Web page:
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Please consider the following distribution :

rs={{400, 0.00929}, {410, 0.0348}, {420, 0.0966}, {430, 0.2}, {440, 0.328}, {450, 0.455}, 
    {460, 0.567}, {470, 0.676}, {480, 0.793}, {490, 0.904}, {500, 0.982}, {510, 0.997}, 
    {520,0.935}, {530, 0.811}, {540, 0.65}, {550, 0.481}, {560, 0.329}, {570,0.208}, 
    {580, 0.121}, {590, 0.0655}, {600, 0.0332}, {610, 0.0159}, {620, 0.00737}, 
    {630, 0.00334}, {640, 0.0015}, {650,0.000677}, {660, 0.000313}, {670, 0.000148}, 
    {680, 0.0000715}, {690,0.0000353}, {700, 0.0000178}}

enter image description here

How could I interpolate this distribution to obtain value for points at any location on the X Axis ?

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up vote 6 down vote accepted

Just use the standard Interpolation function:

rsInterpolation = Interpolation@rs;
Plot[rsInterpolation@x, {x, 400, 700}]

Result

If you want to fit a specific class of functions (such as a normal distribution), instead use FindFit.

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1  
@500 Please be aware that Interpolation[] obviously could not work as expected as an extrapolation. Try Plot[Interpolation[rs]@x, {x, 1, 1000}] to see this. It is not a flaw of this answer! – Dr. belisarius Oct 10 '11 at 20:08
    
@LeonidShifrin: Good catch. Edited. – Mechanical snail Oct 10 '11 at 20:45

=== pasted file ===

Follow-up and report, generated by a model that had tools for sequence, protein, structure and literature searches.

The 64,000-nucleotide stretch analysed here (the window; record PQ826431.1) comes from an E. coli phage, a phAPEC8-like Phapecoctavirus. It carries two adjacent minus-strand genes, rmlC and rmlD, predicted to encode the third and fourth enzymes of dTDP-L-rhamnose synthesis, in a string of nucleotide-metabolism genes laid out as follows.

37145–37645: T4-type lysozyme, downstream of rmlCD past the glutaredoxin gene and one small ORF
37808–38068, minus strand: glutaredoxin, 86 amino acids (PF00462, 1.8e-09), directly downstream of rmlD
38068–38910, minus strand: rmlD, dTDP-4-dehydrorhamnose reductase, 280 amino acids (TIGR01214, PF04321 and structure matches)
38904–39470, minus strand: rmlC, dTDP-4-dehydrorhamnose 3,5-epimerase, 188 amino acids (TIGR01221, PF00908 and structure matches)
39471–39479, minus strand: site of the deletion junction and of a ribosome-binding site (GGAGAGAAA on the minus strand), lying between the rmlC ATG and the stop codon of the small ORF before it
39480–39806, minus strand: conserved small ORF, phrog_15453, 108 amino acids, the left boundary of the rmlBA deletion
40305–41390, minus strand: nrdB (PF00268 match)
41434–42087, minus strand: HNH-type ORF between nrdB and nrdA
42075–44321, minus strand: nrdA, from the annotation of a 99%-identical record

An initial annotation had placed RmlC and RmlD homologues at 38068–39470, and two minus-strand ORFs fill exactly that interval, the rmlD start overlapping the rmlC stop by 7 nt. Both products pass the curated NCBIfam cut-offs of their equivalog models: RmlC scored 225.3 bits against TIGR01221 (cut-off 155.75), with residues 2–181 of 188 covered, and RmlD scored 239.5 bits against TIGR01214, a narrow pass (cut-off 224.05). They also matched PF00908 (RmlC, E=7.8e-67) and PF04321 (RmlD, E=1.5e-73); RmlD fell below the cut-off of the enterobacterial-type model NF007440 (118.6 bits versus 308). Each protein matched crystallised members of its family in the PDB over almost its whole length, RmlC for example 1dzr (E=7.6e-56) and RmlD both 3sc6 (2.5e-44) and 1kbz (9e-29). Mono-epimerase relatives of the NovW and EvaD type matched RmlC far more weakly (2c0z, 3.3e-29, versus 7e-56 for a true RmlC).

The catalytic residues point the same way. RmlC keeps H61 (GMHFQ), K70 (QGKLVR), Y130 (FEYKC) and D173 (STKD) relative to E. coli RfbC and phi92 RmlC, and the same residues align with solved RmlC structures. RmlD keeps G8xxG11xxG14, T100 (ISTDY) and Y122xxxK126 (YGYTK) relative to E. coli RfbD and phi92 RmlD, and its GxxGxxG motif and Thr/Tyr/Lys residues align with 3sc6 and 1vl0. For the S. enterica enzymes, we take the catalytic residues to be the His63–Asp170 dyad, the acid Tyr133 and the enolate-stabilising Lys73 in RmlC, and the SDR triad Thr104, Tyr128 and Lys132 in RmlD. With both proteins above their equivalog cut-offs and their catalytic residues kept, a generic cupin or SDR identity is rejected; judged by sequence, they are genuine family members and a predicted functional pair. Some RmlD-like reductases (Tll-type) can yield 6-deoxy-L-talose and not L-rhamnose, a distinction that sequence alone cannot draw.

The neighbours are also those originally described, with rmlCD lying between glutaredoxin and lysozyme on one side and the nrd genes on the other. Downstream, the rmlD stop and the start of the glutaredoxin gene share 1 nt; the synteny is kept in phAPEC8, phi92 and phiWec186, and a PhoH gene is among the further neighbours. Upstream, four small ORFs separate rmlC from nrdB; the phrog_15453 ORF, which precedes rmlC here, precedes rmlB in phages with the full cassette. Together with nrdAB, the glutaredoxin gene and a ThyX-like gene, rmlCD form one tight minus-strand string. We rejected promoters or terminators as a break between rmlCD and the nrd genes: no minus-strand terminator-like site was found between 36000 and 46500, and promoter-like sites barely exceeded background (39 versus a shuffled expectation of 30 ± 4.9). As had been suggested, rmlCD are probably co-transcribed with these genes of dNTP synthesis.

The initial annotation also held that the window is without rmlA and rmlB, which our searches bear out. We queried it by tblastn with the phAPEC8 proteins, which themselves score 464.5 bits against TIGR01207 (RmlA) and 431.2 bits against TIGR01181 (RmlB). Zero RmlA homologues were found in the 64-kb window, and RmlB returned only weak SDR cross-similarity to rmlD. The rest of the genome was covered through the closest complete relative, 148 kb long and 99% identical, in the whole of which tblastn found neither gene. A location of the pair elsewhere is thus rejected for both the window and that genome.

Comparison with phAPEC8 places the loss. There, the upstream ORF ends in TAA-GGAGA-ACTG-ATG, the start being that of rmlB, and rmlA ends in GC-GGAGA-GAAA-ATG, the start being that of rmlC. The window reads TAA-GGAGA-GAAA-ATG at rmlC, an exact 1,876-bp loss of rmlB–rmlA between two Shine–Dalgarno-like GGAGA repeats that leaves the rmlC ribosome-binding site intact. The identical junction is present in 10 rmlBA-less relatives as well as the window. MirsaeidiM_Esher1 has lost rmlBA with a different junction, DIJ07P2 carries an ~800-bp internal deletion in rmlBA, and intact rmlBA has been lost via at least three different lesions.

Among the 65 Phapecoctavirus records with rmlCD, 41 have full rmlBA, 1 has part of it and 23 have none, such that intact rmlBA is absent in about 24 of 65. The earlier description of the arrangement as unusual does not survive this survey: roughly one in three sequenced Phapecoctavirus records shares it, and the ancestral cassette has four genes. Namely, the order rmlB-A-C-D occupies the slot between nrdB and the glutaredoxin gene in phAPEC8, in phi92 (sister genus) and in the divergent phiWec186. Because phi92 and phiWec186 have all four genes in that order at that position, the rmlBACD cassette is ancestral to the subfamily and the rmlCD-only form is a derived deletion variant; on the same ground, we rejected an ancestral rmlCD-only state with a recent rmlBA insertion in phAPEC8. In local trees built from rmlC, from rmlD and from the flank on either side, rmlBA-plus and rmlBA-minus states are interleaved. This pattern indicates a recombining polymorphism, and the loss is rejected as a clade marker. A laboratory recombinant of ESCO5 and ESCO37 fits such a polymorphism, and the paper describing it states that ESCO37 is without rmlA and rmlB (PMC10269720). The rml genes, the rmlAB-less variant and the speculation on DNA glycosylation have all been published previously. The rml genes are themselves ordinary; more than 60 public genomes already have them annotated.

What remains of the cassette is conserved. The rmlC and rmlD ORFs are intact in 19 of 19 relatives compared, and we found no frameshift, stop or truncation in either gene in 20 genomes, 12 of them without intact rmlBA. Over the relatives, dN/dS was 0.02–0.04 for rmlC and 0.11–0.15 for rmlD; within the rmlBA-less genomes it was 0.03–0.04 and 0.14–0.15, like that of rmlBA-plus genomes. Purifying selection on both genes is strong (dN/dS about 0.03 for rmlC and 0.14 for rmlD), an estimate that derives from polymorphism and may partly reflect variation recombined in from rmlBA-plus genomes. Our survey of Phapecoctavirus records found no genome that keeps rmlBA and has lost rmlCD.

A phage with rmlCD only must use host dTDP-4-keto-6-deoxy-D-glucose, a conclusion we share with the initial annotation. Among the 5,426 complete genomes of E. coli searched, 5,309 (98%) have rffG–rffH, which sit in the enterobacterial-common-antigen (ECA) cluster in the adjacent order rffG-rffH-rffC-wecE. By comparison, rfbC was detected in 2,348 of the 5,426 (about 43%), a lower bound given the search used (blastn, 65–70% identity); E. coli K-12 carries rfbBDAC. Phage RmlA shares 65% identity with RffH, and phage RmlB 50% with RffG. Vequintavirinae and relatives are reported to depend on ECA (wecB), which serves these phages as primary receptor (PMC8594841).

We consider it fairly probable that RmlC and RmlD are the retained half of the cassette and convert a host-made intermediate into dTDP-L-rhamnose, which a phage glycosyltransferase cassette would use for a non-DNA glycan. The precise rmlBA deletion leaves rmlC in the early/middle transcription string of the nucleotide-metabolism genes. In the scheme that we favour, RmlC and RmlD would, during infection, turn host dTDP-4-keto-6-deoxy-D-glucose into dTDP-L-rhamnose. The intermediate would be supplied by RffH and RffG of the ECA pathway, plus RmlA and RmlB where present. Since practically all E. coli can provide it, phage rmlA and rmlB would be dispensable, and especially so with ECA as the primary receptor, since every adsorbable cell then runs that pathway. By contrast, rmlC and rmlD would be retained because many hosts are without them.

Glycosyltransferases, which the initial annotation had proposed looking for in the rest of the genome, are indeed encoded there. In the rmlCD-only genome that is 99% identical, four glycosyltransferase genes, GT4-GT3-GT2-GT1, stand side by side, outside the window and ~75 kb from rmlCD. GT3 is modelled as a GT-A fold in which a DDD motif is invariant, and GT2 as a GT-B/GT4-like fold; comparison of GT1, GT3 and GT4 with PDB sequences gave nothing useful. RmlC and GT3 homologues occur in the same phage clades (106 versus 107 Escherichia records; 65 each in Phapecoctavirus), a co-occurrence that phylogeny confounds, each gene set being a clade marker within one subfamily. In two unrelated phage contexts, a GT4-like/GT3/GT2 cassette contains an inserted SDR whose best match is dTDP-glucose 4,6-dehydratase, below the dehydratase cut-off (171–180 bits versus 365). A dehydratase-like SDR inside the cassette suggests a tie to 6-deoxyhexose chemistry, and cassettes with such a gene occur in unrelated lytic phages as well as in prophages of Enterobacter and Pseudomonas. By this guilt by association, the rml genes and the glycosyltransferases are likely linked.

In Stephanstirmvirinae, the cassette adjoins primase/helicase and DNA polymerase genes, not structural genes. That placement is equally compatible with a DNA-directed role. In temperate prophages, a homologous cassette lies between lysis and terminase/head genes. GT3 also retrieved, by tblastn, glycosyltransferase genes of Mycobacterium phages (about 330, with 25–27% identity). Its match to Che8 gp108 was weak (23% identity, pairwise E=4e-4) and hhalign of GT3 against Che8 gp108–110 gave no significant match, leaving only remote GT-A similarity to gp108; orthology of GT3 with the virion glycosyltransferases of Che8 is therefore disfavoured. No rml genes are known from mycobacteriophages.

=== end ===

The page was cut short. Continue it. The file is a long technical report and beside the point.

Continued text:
3  
@Mechanicalsnail I don't think a fit with a normal distribution will be necessary here. This looks like the sensitivity curve of the human eye (x-axis is wavelength in nm). – Sjoerd C. de Vries Oct 10 '11 at 22:03
3  
@LeonidShifrin Hmm. I believe the imps of recursion are at work today. Comment: Remove this comment: remove this... – Daniel Lichtblau Oct 10 '11 at 22:50
1  
FixedPoint[@Daniel's Comment[#]& , x] – Dr. belisarius Oct 11 '11 at 15:45

If you need nice derivatives, you may do something like:

interp = Interpolation[rs, InterpolationOrder -> 3, Method -> "Spline"]
Show[Plot[{interp[x], 10 interp'[x]}, {x, Min[First /@ rs], Max[First /@ rs]},
          PlotRange -> Full],
     ListPlot@rs]

enter image description here

Look at the difference in the derivative's behavior when you use the "Spline" Method:

interp  = Interpolation[rs, InterpolationOrder -> 3, Method -> "Spline"]
interp1 = Interpolation[rs, InterpolationOrder -> 3]
Show[Plot[{interp1'[x], interp'[x] - .005}, 
          {x, Min[First /@ rs], Max[First /@ rs]}, PlotRange -> Full]]

enter image description here

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the default order is 3 – abcd Oct 11 '11 at 6:26
    
@yoda I know, but I feel more comfortable by specifying it. Just in case a future release changes that :) – Dr. belisarius Oct 11 '11 at 11:53
    
Congratulations on the Gold Mathematica Badge! ## Party Blower ## – Mr.Wizard Oct 12 '11 at 13:21

If it is a distribution, I think you should use SmoothKernelDistribution instead.

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